- Mondelez International is looking to find a successor to CEO Irene Rosenfeld, who has run Mondelez or Kraft Foods, its predecessor, since 2006, according to The Wall Street Journal.
- The maker of Oreos, Trident gum and Ritz crackers has partnered with executive search-firm Heidrick & Struggles International to ensure a smooth transition. Mondelez has reportedly discussed possible external replacements to Rosenfeld, but succession timing is ultimately up to her.
- In a February interview, 63-year-old Rosenfeld said that she had no current plans to leave her position and that Mondelez has no mandatory retirement age.
Mondelez's plans to replace Rosenfeld come as a bit of a surprise, especially given her own statements from a few weeks ago. It will be interesting to see if the company pulls a replacement from within its own ranks, or seeks an outside hire. One thing is certain, however: The next CEO will need serious global experience, as Mondelez relies on foreign markets for the majority of its sales.
Like most snack giants, Mondelez has been struggling to retain market share as consumers shift toward healthier, value-added food products. The company's revenue fell 12% in 2016 because of these changing tastes, as well as currency fluctuations. This financial dip has reportedly made investors uneasy, and major shareholders are pushing the company to make changes to improve profit margins.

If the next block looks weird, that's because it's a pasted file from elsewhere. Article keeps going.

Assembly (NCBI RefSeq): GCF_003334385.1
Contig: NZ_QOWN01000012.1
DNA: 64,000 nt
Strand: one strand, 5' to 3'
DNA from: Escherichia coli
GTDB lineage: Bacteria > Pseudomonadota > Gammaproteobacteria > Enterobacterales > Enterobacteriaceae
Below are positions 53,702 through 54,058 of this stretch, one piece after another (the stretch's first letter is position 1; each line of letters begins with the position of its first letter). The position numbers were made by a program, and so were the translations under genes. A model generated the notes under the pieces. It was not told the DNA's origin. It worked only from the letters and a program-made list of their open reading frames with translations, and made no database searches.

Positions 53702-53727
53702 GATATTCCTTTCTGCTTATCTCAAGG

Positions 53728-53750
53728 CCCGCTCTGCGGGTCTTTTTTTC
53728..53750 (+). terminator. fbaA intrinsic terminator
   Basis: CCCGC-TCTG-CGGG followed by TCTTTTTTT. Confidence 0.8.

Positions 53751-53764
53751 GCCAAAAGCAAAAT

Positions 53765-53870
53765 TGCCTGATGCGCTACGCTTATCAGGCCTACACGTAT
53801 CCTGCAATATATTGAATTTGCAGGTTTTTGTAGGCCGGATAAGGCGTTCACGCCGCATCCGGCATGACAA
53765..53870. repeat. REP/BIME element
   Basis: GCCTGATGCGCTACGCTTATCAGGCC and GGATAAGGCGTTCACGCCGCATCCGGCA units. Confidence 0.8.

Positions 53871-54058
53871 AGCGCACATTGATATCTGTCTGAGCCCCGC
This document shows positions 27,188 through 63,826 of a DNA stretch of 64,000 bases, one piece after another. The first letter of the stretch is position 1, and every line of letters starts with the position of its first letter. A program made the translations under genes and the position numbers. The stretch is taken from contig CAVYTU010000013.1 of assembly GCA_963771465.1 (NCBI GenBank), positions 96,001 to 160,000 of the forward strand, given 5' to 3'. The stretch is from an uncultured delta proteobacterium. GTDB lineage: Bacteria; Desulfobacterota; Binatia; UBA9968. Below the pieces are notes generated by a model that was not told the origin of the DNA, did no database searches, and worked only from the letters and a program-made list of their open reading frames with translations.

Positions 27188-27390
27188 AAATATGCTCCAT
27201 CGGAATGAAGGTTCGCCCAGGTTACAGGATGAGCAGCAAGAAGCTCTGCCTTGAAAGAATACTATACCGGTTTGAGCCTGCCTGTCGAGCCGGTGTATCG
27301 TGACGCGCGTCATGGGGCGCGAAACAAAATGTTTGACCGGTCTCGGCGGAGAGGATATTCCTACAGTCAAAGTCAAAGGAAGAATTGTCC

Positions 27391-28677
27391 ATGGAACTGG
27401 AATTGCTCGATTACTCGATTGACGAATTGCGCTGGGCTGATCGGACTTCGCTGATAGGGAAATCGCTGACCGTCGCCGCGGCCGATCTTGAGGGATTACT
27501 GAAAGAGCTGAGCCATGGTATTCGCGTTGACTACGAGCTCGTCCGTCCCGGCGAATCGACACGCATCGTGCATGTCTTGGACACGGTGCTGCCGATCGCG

Rosenfeld has been with the company since it split from Kraft in 2012, and has seen Mondelez through several major strategies. Last year, the confection maker — which is worth nearly $70 billion — tried to buy Hershey with a $25 billion dollar deal that would have expanded its global reach and bolstered its portfolio with several major brands. Mondelez ultimately walked away from the takeover opportunity, partly because of Hershey's voting power and local ties to the trust it funds.
Rosenfeld has also led major cost-cutting efforts, shutting down or selling more than 40 factories throughout the past four years and boosting the company's adjusted operating margin to 15.3% in 2016 from 12% in 2013.
She has also spoken about improving the company's e-commerce presence and better leveraging "power brands" like Oreo, Milka and belVita, which represent 70% of its global revenue, as growth opportunities. Mondelez's e-commerce snack business revenue increased more than 35% last year, a space that appears ripe for company expansion. The snack maker has also set a goal to make $1 billion in e-commerce revenue by 2020.